By Teachers, For Teachers
These student-created graphic organizers are a great way to engage students and create effective study aids.
To quote the Queen of foldables, Dinah Zike: “A Foldable is a 3-D, student-made, interactive graphic organizer based upon a skill. Making a Foldable gives students a fast, kinesthetic activity that helps them organize and retain information.”
Foldables can be used for any subject and have many different uses. They give students an opportunity to create something that they can then refer back to. Foldables can be as simple or as complicated as you want them to be. I personally have experience using foldables with K -5th graders, but I know teachers who have used them in middle and high school as well.
I use foldables most often in math. My students do the folding themselves while following my directions. Usually by the end of the year, they can do the folds themselves. I recently made a 4-tab book with my students to review coins and their values. On the outside we put pictures of the coins. On the insides students needed to put the name of the coin and its value. They now keep this in their math interactive notebook and refer to it as needed.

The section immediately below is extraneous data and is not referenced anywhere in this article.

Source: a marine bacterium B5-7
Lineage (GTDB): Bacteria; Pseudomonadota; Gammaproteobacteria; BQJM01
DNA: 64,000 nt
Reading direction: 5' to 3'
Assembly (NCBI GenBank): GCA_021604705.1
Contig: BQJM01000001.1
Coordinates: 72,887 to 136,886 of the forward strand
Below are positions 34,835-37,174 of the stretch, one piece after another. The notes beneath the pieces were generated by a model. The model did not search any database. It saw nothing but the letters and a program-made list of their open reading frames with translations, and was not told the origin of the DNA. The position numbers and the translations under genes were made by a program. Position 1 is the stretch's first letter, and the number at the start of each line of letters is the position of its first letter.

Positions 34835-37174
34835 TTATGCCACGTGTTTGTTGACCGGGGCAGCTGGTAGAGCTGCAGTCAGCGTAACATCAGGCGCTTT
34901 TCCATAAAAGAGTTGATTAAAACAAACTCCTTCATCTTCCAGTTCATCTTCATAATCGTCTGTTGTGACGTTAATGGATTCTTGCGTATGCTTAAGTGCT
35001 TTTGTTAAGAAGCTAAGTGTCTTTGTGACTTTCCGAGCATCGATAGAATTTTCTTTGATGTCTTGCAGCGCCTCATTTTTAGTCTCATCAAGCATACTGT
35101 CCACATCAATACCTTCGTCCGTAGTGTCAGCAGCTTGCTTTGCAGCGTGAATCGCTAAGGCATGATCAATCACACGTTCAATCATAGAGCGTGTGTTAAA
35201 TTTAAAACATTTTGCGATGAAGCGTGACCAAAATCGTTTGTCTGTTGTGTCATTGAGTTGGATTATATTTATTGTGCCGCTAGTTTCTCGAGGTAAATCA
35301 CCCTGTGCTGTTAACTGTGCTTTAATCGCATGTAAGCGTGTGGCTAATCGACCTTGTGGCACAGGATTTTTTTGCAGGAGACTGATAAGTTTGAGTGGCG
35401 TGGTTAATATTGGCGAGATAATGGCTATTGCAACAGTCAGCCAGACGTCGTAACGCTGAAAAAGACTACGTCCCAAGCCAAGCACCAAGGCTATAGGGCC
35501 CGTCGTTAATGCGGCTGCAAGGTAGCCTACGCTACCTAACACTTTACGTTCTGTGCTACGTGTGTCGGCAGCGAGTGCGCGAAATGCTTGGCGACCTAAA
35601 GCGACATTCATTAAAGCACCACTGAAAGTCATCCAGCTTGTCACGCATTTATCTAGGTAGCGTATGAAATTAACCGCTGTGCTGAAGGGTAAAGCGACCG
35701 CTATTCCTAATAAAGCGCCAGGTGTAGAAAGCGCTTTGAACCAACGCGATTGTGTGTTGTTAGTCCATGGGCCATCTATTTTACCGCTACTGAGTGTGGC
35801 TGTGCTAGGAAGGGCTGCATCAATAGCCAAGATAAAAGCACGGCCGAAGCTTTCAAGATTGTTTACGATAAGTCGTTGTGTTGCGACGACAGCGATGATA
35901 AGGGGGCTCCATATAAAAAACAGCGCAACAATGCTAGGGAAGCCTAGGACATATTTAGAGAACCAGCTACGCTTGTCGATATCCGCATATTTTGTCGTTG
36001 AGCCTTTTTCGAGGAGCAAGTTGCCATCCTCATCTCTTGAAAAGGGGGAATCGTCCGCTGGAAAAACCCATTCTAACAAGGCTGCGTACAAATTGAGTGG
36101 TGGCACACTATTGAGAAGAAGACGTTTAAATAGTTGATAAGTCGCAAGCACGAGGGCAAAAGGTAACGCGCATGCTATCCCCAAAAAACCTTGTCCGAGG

When I taught Science and Social Studies, I would find myself often using foldables for students to study. We would make them prior to a test and students could then take the foldable home to share with their families.
There are tons of resources out there to help you in your foldable adventure. I highly recommend checking out Dinah Zike as her books not only give you directions on how to make each book, but also ideas on how exactly to use them. To help put all of these resources in one place I created a Pintrest board for foldables.
Check it out at http://pinterest.com/learningahoy/foldables-for-the-classroom/.
How do you use foldables or other graphic organizers in your classroom? Share in the comments section!
Image source: Laura Candler's Teaching Resources website